Wholesale returns of conjecture

A new year has dawned and, once again, we’re hearing a lot about trends and about how things will look in the future.

I hold with what Mark Twain said about spotting and predicting trends:

In the space of one hundred and seventy-six years the Lower Mississippi has shortened itself two hundred and forty-two miles. That is an average of a trifle over one mile and a third per year. Therefore, any calm person, who is not blind or idiotic, can see that in the Old Oolitic Silurian Period, just a million years ago next November, the Lower Mississippi River was upwards of one million three hundred thousand miles long, and stuck out over the Gulf of Mexico like a fishing-rod. And by the same token any person can see that seven hundred and forty-two years from now the Lower Mississippi will be only a mile and three-quarters long, and Cairo and New Orleans will have joined their streets together, and be plodding comfortably along under a single mayor and a mutual board of aldermen. There is something fascinating about science. One gets such wholesale returns of conjecture out of such a trifling investment of fact. (from Life on the Mississippi)

If Twain were alive today, I think he’d raise an eyebrow at some things that are being touted as surefire trends.

I remember when electricity was going to become so clean and so cheap that it wouldn’t need to be metered. When we’d have colonies on Mars within 20 years. When the “paperless office” was just around the corner. (If you don’t remember that one, I can probably find it on the web and convert it to PDF so you can print it.)

Of the surefire trends in technical communication, which ones might be rooted in a trifling investment of fact? Which ones are based on limited data, or bad data? Which ones depend on the world working differently than it always has?

More media choices, and more devices on which to display them. The proliferation of gadgets continues unabated. There’ll be winners and losers, though, because there always are. And at some point the market will be saturated.

How can publishers, including technical communicators, pick the media that will be viable in the long term without being led astray by fads?

Smart content. There’s no stopping this one. My only question is: are we technical communicators ready for it? Do we really understand the importance of metadata and how to use it effectively?

Without a good metadata taxonomy, and without a solid content strategy to back it up, smart content (to quote another writer you’ve heard of) is a tale told by an idiot, full of sound and fury, signifying nothing.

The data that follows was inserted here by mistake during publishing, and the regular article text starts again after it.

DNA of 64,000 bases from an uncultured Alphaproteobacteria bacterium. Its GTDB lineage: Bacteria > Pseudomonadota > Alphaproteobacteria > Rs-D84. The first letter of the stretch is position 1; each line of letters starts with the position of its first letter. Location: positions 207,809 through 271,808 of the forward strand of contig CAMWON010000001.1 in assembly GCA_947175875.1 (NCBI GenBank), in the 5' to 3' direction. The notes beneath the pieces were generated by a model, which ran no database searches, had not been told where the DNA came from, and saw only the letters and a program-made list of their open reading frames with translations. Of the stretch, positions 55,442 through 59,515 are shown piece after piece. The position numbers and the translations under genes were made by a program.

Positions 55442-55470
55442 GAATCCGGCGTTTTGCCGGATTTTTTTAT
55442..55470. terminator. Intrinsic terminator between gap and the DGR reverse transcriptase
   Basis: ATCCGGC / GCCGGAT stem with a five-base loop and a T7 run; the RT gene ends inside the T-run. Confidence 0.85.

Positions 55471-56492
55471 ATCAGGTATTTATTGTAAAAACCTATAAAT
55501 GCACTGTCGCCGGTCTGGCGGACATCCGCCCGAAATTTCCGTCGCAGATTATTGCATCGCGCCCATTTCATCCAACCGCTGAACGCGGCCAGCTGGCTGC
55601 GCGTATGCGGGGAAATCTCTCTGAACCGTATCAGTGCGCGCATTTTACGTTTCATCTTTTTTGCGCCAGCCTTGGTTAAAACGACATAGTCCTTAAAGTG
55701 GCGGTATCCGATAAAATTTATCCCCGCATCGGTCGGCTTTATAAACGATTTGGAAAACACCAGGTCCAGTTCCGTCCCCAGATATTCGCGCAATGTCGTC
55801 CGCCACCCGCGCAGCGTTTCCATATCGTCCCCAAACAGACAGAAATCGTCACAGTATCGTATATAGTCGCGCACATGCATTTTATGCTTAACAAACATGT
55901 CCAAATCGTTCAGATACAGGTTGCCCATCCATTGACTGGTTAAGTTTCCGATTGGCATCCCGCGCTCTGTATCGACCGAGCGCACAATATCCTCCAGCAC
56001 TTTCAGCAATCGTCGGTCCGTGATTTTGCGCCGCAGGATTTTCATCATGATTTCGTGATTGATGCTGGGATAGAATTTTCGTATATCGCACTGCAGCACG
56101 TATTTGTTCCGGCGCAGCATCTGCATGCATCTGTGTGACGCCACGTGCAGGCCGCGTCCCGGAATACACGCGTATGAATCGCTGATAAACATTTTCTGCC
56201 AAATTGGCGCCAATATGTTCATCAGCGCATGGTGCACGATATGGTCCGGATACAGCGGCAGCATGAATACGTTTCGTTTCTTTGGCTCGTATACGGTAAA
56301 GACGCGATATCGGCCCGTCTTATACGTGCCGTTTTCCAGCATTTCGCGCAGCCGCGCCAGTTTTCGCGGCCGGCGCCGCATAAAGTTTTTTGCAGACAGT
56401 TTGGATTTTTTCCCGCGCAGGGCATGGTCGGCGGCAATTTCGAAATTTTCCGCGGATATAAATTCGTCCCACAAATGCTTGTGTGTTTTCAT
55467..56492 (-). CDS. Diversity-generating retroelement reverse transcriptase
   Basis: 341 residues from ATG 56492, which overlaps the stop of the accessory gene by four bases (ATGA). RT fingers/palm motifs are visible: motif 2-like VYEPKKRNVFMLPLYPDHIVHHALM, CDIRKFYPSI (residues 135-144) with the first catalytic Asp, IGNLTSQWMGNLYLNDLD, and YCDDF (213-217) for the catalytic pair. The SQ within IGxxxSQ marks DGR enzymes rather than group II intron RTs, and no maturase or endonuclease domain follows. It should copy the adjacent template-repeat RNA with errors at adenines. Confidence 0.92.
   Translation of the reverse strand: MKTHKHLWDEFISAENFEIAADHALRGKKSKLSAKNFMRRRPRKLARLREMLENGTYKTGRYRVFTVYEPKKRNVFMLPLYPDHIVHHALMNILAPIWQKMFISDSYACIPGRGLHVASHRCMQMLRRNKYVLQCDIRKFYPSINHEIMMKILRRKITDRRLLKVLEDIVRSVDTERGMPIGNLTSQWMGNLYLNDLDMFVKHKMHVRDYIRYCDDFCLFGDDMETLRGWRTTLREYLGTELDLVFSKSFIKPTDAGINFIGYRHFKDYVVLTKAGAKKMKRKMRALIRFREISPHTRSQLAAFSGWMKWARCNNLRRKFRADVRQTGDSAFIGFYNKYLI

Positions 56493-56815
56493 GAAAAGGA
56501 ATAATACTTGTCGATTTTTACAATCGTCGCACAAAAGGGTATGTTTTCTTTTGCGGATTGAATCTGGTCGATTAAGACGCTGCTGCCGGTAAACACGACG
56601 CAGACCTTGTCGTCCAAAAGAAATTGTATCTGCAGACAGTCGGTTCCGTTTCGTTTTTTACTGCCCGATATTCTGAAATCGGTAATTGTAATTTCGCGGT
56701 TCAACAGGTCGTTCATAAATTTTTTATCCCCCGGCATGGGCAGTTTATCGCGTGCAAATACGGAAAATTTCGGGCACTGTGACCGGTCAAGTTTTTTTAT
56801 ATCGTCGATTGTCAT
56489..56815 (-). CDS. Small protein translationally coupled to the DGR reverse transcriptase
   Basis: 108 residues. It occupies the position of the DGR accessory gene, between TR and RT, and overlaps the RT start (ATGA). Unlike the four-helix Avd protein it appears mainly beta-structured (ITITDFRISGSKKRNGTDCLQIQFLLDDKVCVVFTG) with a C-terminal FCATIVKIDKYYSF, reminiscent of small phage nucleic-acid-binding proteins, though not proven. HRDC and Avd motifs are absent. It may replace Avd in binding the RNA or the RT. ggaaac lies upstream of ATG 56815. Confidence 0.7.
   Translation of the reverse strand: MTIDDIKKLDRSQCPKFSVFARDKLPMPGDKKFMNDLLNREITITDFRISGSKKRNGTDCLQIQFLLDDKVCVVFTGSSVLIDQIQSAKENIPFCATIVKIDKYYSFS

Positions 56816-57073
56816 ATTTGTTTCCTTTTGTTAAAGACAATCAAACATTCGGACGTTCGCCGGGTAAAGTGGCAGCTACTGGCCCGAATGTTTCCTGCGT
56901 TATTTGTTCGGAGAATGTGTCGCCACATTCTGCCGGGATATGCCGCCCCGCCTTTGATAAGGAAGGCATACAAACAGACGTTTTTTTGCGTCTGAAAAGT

Collaborative, community-based documentation. User-generated content continues to gain momentum, but not as fast as we thought at first. That’s because getting it right takes a lot of work, and a lot of issues have to be ironed out. Like finding content formats that work for everyone, and like deciding who owns the rights to the content.

What do you think? Do you see issues that are being overlooked? Do you see “trends” that are grounded more in conjecture than in reality?

Adapted from material originally published on the SDI blog, 30 November 2010

2 thoughts on “Wholesale returns of conjecture

  1. MarciaRieferJohnston (@MarciaRJohnston)


    This is wonderful: “Without a good metadata taxonomy, and without a solid content strategy to back it up, smart content (to quote another writer you’ve heard of) is a tale told by an idiot, full of sound and fury, signifying nothing.”

    Here’s one possible overextrapolation: the prediction that the use of mobile devices will displace the use of desktop devices. Yes, as of 2014, people access the Internet more on mobile devices than on PCs (http://searchenginewatch.com/sew/opinion/2353616/mobile-now-exceeds-pc-the-biggest-shift-since-the-internet-began#). But desktop computing – like the Lower Mississippi – isn’t going to dwindle to nothing (https://jenson.org/small/).

    1. Larry Kunz Post author

      Thanks, Marcia. I agree that the death of desktop computing has been greatly exaggerated. You’ve touched on a common fallacy: just because a new thing is ascending, doesn’t mean the old thing is descending at the same rate.


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